Hunters are a hard class to really describe due to one key factor, there are many good Hunters and for every one of them there are 5 bad Hunters. Its amazing the number of Hunters that reach level 70 not realising the benefits, flaws, and potential of their pets and traps, unfortunately when Pugging you are likely to encounter many of these and are likely to come off with a bad experience from the class. Its not true though, Hunters can do some really amazing things and can really make or break a party as they should be counted on to do a lot of things. Breaking down Hunters is relatively simple, their Pet is a good dps, can be used for misdirections to pull mobs away from the Tank to tank / CC the mob or can be used straight up as an off-Tank, in the latter role a Beast Mastery Hunter is much better equipped for this than the other forms of Hunter, you can effectively use a Hunter in any role, DPS, Tank, CC (or the infamous Resto-spec Hunters) and they will perform well.
Hunters tend to complain about not getting buffs, about not getting an ideal group setup, about basically anything they can, its a bit of a game really as people tend to assign buffs and groups wrongly to hunters. Hunters don't really offer any buffs to the party directly, its passive abilities and in-combat marks that allow them to really shine.
Hunters are very self-synergistic, depending on spec they can boost the dps of their party by 3% (stacking!), offer improved marks, etc. Typically place hunters to fill slots where needed, a caster group won't really benefit a hunter (barring the shadow priest), but if he has the dps buff he does benefit the caster group. Aiming for a Shaman with an agility totem will also help Hunters a lot, and some kind of mana source if possible (never above casters) will allow them to maximise their dps. They don't really fit into a melee group due to wanting different totems (and the melee group typically being quite full), so in preference they go into:
Crit Bear Groups
Stacked Hunter Groups
Caster Group with Mana Regen
Basically give the Hunters as much benefit as you can, and assign their buffs to help others, but place other more beneficial classes first, don't drop a Retribution Paladin from a melee group for a Hunter who will benefit less. This is a kindof misunderstood aspect, since Hunters are very capable DPS, however as both Warlocks and Rogues are likely to be higher DPS overall you must consider this, and stack groups preferentially for those classes first, meaning that Hunters will tend to be used as a filler class (which is ok, as they are self-synergistic and benefit beautifully from being in a group with a Druid tank).
There is an issue of contention about Hunters, the correct order for Blessings is:
Blessing of Might
Blessing of Kings
Blessing of Wisdom
Blessing of Salvation
Blessing of Light (if multiple Paladins present)
Blessing of Sanctuary
The first two are typically interchangeable and depends on your Hunter's preference, I won't discuss why since I don't really know or for that matter care since they both increase DPS. The ordering of Salvation though is under debate, and frankly shouldn't be, it can be applied for the first 30s or so of a fight then swapped out if needed, however the use of Feign Death allows Hunters a full aggro-wipe every 30s (if not resisted) meaning its a bad tank that can't keep ahead of a good Hunter, or rather a good Hunter can easily stay below a bad tank. If you have a Hunter demanding Salvation ahead of DPS increasing buffs (and yes Wisdom does increase DPS as it reduces the need for mana stings, pots etc), you need to look at the Hunter carefully, a good Hunter doesn't want it in preference, and a bad Hunter will over-aggro anyway (even if it means breaking cc to do so :P).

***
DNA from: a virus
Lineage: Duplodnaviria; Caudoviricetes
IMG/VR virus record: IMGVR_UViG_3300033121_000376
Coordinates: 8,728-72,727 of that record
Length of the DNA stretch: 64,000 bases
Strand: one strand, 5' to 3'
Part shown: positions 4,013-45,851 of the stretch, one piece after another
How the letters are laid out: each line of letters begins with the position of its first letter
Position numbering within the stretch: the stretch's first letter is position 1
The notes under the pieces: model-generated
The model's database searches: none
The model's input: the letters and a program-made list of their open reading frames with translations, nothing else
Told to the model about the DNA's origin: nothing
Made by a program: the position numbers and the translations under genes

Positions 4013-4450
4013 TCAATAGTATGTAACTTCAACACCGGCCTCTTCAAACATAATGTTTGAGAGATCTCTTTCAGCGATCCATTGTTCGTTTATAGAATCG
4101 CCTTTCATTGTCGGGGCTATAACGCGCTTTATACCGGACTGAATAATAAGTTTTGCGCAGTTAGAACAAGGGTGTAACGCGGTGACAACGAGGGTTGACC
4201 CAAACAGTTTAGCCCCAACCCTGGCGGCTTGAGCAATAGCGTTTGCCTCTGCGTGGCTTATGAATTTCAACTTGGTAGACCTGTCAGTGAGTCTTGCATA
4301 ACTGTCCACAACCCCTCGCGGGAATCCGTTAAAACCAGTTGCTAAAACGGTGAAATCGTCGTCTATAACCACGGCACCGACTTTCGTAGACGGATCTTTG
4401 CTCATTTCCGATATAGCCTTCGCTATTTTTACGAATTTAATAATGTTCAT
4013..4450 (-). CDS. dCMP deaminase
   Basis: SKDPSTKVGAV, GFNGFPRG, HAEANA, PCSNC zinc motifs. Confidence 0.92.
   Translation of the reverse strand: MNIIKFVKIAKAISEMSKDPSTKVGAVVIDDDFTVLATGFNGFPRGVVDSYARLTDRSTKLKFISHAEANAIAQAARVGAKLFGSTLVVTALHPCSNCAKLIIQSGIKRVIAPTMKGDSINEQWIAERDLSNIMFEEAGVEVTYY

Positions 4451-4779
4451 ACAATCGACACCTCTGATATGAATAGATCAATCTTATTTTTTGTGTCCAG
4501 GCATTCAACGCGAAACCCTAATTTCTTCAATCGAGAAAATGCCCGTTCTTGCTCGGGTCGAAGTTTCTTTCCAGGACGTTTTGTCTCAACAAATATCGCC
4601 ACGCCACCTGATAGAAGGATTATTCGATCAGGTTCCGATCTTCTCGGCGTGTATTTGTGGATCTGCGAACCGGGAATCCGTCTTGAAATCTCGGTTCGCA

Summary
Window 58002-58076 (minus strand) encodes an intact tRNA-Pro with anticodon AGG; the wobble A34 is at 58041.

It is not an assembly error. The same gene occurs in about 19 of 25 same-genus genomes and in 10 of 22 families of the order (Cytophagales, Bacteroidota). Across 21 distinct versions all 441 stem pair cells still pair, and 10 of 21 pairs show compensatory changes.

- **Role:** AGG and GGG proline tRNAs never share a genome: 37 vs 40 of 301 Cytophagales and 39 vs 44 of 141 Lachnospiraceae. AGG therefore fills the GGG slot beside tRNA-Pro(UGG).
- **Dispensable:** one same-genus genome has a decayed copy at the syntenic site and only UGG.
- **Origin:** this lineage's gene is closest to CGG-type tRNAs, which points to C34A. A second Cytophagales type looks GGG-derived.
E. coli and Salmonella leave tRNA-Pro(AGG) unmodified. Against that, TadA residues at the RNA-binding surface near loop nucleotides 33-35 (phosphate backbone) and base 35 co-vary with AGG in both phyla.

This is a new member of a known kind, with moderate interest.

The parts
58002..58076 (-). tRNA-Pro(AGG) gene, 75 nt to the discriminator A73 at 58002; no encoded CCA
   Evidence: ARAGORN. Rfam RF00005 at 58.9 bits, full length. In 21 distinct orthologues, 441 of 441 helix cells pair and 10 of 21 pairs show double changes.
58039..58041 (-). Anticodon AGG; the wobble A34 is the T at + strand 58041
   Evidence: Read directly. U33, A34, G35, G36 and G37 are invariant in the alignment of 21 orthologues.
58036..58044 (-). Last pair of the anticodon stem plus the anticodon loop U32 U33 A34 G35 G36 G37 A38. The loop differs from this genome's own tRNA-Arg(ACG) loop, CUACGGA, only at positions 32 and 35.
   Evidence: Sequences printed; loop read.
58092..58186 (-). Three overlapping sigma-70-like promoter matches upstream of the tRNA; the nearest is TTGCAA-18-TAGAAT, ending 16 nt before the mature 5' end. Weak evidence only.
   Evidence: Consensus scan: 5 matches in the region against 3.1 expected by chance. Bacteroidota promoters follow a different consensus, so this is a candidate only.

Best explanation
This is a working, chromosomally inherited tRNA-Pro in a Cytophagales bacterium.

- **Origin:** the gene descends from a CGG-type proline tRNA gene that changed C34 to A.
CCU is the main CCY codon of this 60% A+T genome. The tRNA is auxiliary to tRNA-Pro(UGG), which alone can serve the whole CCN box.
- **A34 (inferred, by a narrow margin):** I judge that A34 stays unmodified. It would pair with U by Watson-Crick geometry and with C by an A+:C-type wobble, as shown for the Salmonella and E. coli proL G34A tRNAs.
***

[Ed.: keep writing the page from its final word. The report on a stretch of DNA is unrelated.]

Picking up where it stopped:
There are situations where Salvtion is more important, the first 30s or so of a fight where the tank is building up a threat lead, fights like Void Reaver with aggro-dumps and tight limits, however these are not your regular situation, as a rule of thumb Salvation is the 3rd dump Blessing for Hunters, use common sense and get good Hunters (and yes I met some that didn't use Feign Death because it dropped their DPS... apparently more so than being threat capped and not doing anything anyway). Salvation is a tool, never see it as something Hunters shouldn't get, but consider first Feign Death and the tank's TPS curve, if thats ok then Salvation drops a lot down the list.
Hunters are a crowd control class, they have multiple forms of crowd control, Traps (slow or freeze), kiting (slow + aggro the mob in a big loop), and Pet Tanking, all 3 are very useful and should not be underestimated. Firstly traps, typically these can be used in two ways, firstly pulling a specific mob to the side of the pull line (or running up to a caster and dropping it under them) and trapping there, or placing the trap in the pull line, and letting Lady Luck decide what gets trapped. Both are valid methods of trapping, and the key here is to make sure the tank can see the trap, and can act on it if the trapped target breaks early or avoids the trap (on a non-specced Hunter the trap cooldown and duration are similar making chain trapping slightly riskier without acquiring aggro on the target, eg: the side pull). This form of crowd control is very reliable and should be assumed to function a lot like a sheep, a good Hunter can maintain their trap and not lose much personal DPS (if your Hunter runs out of melee, traps, then runs back in to hit things with his swords, he is losing a lot of DPS, but at that point his DPS probably isn't high anyway). Traps are very versatile, however only a single trap can be used at a time, so you must determine if its more important to freeze an enemy in place, or to slow a group of them and have the Hunter kite the target until his trap is up again. Traps are broken by AoE damage, meaning trapping within the tanking area will cause it to be broken.